AGR Verdict: SC Gives Telcos 10 Years To Pay Dues, Contempt If Default

Telecos need to deposit 10% of their dues upfront till March, with a failure to pay installments amounting to contempt.

The Supreme Court of India on Tuesday granted telecom companies a period of 10 years to clear their adjusted gross revenue (AGR) dues. This 10-year window would kickstart from April 1, 2021. In the 10-month interim till then, however, companies have to deposit 10% of the dues upfront. SC also added that non-payment of instalments would attract penal interest, and would be civil contempt of court. Managing Directors of the companies are further required to furnish personal guarantees in 4 weeks. The SC has also decided to drop contempt proceedings against officials from the Department of Telecommunications (DoT).

The Supreme Court's verdict came on a plea by the telecom companies on allowing staggered schedule to repay AGR dues as decided by its October 24, 2019 verdict. In March 2020, Bharti Airtel Ltd, Vodafone Idea Ltd, and Tata Teleservices Ltd had sought 20 years expressing their inability to pay the entire amount upfront. When the top court expressed reservations for staggered payment over 20 years, Airtel and Vodafone Idea sought 15 years, while Tata Teleservices sought 7-10 years.

The DoT had proposed 20 years. The bench led by Justice Arun Mishra on July 20, had reserved its order on this issue. During arguments, the bench had pulled up the telecom companies for allegedly making an "attempt…to wriggle out of our order in the garb of reassessment or recalculation".

"However, there can be no adjustment regarding the dues apart from what was stated in the Supreme Court verdict. No objection will be entertained," the bench clarified.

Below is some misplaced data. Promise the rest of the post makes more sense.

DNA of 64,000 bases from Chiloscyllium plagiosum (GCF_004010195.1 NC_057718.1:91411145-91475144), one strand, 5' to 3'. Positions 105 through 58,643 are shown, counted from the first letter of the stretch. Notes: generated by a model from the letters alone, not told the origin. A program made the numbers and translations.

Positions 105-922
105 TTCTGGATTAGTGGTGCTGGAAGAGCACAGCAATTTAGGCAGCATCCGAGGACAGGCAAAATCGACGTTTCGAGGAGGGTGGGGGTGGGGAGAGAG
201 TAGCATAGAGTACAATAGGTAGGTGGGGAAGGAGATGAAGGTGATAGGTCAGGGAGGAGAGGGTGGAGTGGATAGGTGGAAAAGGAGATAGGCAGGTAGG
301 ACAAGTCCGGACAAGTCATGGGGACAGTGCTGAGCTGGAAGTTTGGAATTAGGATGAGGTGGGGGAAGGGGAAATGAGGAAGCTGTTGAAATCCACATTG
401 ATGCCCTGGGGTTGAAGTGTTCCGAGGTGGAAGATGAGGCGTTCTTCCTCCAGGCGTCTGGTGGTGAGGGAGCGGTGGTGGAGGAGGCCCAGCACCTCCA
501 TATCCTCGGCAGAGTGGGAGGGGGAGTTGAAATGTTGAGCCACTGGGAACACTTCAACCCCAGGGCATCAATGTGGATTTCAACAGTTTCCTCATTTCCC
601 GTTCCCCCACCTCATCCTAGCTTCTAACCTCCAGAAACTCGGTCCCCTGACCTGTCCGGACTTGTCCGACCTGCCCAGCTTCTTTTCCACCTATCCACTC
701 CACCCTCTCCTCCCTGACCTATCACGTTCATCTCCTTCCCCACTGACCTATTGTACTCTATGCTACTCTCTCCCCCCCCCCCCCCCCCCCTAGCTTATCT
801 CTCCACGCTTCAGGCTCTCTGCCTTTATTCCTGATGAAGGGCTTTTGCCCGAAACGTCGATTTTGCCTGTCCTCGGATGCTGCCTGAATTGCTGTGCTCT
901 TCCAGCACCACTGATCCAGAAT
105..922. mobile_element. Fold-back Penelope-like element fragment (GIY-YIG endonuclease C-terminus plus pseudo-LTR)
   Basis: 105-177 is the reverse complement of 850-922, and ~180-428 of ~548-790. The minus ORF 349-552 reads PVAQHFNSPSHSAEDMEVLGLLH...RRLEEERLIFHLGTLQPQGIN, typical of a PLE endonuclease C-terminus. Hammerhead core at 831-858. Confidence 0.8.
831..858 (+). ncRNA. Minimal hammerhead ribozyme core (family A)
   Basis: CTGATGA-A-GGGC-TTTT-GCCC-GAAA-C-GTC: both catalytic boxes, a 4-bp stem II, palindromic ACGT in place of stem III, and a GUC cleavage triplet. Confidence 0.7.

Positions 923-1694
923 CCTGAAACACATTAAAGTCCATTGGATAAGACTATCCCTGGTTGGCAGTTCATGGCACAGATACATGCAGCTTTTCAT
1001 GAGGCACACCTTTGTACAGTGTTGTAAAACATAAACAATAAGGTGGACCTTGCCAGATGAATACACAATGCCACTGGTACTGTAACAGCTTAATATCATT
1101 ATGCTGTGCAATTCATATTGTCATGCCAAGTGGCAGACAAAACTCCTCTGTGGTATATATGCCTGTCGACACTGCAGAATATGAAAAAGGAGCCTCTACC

Besides the core issue on the timeline for repayment on dues, the court had also heard arguments on how dues could be recovered from companies that had gone bankrupt. While bankrupt companies like Reliance Communications Ltd (RCom), Aircel Group and Videocon Telecommunications Ltd are non-operational, companies like Reliance Jio and Airtel are using the spectrum or airwaves the defaulting companies once held. The court had then inquired why the companies using these airwaves should not pay the AGR dues.

While hearing arguments on recovery of AGR dues from bankrupt telecom operators, the issue of who owns the spectrum was raised. Telecom companies and banks argued that spectrum is an asset and should be sold under Insolvency and Bankruptcy Proceedings (IBC), whereas the Centre argued that spectrum was a national asset.

On October 24, 2019, the SC upheld the government's definition of calculating AGR dues under the revenue-sharing model that telecom companies had with the central government. While the Centre maintained that AGR spanned core revenue, and proceeds from interest, rent and disinvestment and other non-core activities; telecom companies asserted that AGR dues were to be paid to the Centre only on income derived from their core activities.

The verdict then bought additional stress on already financially beleaguered telecom incumbents. Vodafone Idea's dues were the highest at that time, at ₹58,254 crores, followed by Airtel with ₹43,980 crores. The dues of Tata Teleservices were ₹16,798 crores. Reliance Jio's dues were ₹194 crores.

Also Read:Explained: What Is 5G And Why It Is Important For India's Economy

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